Teachers Organize Mass Sick Days, Resignations, And Potential Strikes Over Schools Reopening – Forbes
Teachers across the country are threatening to not return to school for in-person teaching over Covid-19 safety concerns, with many resigning, retiring, announcing their intention to strike, or planning a coordinated “sick out” as schools face pressure to reopen for the fall.
Middle school teacher Brittany Myers, stands in protest in front of the Hillsborough County Schools … [+]
Teachers in two Arizona school districts are protesting decisions by local school boards to reopen schools despite not meeting state criteria for levels of community spread, positive testing rate, and hospitalizations for Covid-19, AZCentral reported this week.
In the J.O. Combs district outside of Phoenix, 109 of the approximately 250 teachers in the district put in for absences for the first scheduled day of the reopening, leading the district to reverse its decision to open.
In the Queen Creek Unified district, four teachers submitted resignations following the school board’s vote to reopen, with more reportedly planning to follow suit (there have been 43 classified resignations in Queen Creek since May).
In Michigan, the Detroit Federation of Teachers is scheduled to vote Wednesday on whether to launch a safety strike over concerns they have about returning to classrooms amid the pandemic.
The Salt Lake Tribune reported Sunday that at least 79 educators across Salt Lake County have either resigned or retired early because of concerns over Covid-19 in schools.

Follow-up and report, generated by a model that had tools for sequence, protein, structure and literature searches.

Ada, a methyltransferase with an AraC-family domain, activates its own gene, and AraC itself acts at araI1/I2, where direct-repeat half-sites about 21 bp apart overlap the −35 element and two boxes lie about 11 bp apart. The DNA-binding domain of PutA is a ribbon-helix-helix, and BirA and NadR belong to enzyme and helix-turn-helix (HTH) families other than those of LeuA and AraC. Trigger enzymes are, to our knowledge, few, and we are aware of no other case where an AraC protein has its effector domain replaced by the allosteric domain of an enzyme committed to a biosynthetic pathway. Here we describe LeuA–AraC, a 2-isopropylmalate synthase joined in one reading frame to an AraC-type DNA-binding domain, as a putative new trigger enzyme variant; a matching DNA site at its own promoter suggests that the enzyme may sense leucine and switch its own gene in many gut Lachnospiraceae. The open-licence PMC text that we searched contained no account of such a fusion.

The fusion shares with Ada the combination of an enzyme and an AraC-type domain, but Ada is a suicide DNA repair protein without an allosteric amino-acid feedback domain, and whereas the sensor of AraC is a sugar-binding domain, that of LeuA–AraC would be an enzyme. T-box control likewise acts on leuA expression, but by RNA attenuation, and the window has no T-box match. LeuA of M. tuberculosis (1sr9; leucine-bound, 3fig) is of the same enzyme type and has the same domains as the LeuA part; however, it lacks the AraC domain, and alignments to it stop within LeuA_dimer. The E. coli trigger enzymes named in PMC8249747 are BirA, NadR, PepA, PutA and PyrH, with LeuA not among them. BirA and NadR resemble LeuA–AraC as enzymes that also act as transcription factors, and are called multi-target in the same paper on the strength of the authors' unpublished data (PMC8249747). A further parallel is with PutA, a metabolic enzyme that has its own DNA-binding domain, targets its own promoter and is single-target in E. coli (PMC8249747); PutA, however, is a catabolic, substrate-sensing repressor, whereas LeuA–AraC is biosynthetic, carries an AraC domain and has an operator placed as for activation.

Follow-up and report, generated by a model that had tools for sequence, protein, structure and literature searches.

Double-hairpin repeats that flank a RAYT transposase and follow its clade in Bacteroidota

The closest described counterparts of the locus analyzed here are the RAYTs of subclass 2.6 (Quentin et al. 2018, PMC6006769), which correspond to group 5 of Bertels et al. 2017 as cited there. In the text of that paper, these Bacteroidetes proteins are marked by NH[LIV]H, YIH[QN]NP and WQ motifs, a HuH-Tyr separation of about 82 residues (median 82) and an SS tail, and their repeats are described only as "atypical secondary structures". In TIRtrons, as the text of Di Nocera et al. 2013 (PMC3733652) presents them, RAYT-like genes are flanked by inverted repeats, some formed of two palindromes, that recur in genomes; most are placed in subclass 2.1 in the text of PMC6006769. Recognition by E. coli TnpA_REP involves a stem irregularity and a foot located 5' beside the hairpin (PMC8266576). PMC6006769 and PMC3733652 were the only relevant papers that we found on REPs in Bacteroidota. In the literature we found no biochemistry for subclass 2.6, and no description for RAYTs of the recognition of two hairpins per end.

The threat of strikes comes as schools in Mississippi, Georgia, Indiana, Tennessee and Texas have already dealt with Covid-19 infections upon reopening, as President Donald Trump and Education Secretary Betsy DeVos continue to aggressively push for reopening all public schools in the U.S.
“This is not a traditional work stoppage,” said Terrence Martin, president of the Detroit Federation of Teachers. “This is a refusal of employees to return to an unsafe work environment. Our teachers are ready to teach. We’re excited. We miss our students, we want to continue to engage with them, but we want to do it safely.”
President Donald Trump has previously claimed that 99% of coronavirus cases are “totally harmless.” Earlier this month, during an appearance on Fox and Friends, the president said, “children are almost, and I would say almost definitely, but almost immune from this disease.” Yet, recent scientific research has raised red flags. There has been a 90% increase in the number of Covid-19 cases among children in the U.S., and at least 97,000 children tested positive for the coronavirus during the last two weeks of July, according to analysis by the American Academy of Pediatrics and the Children’s Hospital Association. Researchers in South Korea found that children between the ages of 10 and 19 are fully capable of transmitting the coronavirus within a household. Another study found that children younger than 5 have “between 10 and 100 times more genetic material from the novel coronavirus in their noses compared to older children and to adults.” According to the CDC’s most recent data, the number and rate of cases in children in the U.S. have been “steadily increasing” from March to July 2020. Children currently make up more than 7% of all coronavirus cases in the U.S. while comprising about 22% of the country’s population.
According to the Detroit Free Press, Michigan law prevents teacher strikes, but it’s unclear how a “safety strike” would be interpreted if teachers have health concerns and are willing to work remotely. In July, the American Federation of Teachers, the second-largest teachers’ union in the U.S., declared they would support “safety strikes” as “a last resort” if proper safeguards were not in place to protect educators in districts reopening for in-person education.
380,174: That’s the number of children who have tested positive for Covid-19 in the U.S. since the pandemic began.